The University Record, July 30, 1997
While Matthaei Botanical Gardens plans for future expansion and physical improvements, its four trails remain popular with students who study plants and insects and with birdwatchers hoping to spot a newcomer to the area or a long-time resident in the trees, marsh or undergrwoth. Others come just to enjoy being surrounded by nature, whether following Fleming Creek or exploring the bogs, ponds, wildflower gardens, prairies, dry hills and floodplains incorporated into the trails. And others, such as Leroy Kart, Norm Jones and Chuck Fisher (photo at right), tramp the trails in search of the perfect photo.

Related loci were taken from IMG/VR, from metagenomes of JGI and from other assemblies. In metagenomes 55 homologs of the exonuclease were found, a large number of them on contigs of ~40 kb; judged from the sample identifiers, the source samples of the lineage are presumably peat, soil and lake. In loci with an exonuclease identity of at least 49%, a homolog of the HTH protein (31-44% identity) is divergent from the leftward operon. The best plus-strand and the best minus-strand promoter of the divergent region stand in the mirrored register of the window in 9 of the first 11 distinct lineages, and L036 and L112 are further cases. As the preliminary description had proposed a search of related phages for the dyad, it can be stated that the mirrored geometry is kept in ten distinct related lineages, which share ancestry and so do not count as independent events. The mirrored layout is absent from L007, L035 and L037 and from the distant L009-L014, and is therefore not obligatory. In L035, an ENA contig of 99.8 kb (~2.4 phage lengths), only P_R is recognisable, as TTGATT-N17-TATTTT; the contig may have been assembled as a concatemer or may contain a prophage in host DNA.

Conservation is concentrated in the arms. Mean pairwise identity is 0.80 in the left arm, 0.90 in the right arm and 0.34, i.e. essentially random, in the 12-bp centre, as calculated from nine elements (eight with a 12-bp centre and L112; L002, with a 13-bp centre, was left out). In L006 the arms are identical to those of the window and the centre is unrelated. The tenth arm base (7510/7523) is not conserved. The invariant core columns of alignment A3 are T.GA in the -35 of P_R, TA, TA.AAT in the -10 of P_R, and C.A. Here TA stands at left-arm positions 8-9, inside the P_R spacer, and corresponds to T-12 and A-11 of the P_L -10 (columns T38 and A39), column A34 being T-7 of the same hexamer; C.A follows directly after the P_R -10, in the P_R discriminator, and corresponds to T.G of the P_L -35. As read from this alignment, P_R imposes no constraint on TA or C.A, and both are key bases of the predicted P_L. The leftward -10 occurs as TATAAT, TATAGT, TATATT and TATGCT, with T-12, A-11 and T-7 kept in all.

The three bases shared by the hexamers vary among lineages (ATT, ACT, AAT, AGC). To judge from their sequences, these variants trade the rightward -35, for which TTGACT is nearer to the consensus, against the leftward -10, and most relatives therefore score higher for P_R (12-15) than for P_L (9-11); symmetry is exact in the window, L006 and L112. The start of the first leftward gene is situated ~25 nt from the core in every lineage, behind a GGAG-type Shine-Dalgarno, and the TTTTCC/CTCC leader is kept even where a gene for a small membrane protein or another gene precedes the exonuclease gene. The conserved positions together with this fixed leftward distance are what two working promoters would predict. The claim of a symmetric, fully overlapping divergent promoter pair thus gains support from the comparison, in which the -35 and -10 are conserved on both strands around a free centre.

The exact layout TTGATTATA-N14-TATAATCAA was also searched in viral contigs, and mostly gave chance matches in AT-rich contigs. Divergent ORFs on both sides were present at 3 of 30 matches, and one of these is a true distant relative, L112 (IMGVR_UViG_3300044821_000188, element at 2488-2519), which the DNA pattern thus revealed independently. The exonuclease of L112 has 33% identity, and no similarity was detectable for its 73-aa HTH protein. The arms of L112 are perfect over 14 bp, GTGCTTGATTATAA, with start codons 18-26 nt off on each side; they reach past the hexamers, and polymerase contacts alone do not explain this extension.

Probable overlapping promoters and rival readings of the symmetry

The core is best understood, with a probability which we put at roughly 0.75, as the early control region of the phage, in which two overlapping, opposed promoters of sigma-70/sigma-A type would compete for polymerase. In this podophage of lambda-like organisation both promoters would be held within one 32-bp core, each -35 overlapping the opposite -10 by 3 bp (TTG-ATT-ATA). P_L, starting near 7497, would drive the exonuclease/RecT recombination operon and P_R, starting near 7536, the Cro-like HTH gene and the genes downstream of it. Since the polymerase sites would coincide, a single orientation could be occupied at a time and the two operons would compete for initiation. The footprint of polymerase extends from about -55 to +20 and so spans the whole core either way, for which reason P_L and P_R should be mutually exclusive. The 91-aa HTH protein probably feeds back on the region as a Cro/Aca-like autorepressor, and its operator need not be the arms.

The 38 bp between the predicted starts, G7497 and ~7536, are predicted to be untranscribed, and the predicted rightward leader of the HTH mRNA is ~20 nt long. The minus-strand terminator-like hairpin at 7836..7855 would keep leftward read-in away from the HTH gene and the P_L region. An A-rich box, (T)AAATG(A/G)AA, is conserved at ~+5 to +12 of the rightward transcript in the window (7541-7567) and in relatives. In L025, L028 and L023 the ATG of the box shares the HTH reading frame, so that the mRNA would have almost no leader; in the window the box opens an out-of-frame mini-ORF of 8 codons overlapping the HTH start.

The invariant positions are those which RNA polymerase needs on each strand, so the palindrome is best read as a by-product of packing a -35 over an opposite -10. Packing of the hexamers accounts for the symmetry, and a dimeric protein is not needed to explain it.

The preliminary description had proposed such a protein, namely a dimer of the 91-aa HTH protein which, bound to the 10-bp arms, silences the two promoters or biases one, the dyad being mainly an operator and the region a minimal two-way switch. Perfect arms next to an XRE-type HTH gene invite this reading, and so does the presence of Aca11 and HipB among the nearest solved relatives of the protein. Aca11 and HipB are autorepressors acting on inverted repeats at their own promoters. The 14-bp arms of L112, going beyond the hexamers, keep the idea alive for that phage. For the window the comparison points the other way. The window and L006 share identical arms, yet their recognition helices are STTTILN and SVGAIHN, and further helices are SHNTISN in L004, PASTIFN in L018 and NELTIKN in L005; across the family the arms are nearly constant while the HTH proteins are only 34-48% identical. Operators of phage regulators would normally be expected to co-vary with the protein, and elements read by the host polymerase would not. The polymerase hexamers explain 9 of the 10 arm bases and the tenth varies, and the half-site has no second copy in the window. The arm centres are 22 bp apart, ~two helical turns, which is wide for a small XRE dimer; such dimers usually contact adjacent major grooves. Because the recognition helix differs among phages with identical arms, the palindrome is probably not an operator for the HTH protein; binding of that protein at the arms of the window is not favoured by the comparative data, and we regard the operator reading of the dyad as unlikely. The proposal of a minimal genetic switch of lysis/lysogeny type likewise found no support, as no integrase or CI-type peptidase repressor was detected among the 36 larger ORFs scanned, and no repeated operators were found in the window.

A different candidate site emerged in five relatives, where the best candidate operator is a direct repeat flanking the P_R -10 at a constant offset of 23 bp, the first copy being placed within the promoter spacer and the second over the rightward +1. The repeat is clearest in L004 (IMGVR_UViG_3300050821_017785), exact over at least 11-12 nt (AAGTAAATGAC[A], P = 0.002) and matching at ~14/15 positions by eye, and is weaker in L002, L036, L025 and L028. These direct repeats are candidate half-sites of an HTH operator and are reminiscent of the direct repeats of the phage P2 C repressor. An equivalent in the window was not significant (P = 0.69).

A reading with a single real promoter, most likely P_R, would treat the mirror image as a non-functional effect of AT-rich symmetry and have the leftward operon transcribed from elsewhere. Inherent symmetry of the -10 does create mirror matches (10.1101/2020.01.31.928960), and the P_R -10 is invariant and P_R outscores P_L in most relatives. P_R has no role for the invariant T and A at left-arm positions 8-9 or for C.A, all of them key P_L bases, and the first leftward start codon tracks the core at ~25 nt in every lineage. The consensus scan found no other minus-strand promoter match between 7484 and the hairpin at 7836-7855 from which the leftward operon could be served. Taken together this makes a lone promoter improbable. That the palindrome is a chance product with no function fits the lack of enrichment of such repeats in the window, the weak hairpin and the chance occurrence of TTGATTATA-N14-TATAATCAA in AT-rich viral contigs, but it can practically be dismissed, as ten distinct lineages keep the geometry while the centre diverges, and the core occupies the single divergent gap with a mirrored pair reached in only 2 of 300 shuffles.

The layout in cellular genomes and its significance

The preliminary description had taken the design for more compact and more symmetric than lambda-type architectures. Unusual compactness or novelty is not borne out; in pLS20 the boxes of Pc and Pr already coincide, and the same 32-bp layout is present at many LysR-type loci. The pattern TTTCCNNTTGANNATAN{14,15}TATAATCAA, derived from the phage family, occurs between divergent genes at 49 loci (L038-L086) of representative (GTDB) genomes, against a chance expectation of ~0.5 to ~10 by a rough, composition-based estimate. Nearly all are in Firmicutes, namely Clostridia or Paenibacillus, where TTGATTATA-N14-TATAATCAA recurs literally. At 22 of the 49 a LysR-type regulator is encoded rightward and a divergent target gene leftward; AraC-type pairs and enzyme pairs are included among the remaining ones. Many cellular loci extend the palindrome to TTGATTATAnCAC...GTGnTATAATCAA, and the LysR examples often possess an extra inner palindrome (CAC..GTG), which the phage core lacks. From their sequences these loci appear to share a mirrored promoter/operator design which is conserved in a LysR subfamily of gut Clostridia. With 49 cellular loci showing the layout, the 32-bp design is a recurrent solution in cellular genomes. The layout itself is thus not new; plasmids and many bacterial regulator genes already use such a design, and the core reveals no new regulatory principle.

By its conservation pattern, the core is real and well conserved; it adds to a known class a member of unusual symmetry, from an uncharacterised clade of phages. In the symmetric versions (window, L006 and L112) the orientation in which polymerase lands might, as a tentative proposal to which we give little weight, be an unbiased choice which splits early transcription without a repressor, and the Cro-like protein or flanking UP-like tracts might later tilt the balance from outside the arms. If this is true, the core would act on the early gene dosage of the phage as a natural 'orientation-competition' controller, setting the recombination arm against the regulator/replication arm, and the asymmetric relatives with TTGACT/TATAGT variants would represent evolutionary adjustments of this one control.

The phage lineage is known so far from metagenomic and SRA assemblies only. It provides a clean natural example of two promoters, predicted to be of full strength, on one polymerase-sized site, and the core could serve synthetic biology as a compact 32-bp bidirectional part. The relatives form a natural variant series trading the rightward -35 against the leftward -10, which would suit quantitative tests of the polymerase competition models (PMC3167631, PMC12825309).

Among the changes planned for the 250-acre Gardens is an ethnobotanical trail that will feature the plants used by this area's Native Americans for food, fiber, shelter and crafts. The theme of humans' interaction with nature will be continued in a redesign of the Gardens Conservatory, which will focus on the plants native to and used by various members of the world's cultures. From a Japanese garden to gardens native to the Mediterranean, the paths through the Conservatory will allow visitors to travel the globe without having to pose for a passport photo. Photo by Bob Kalmbach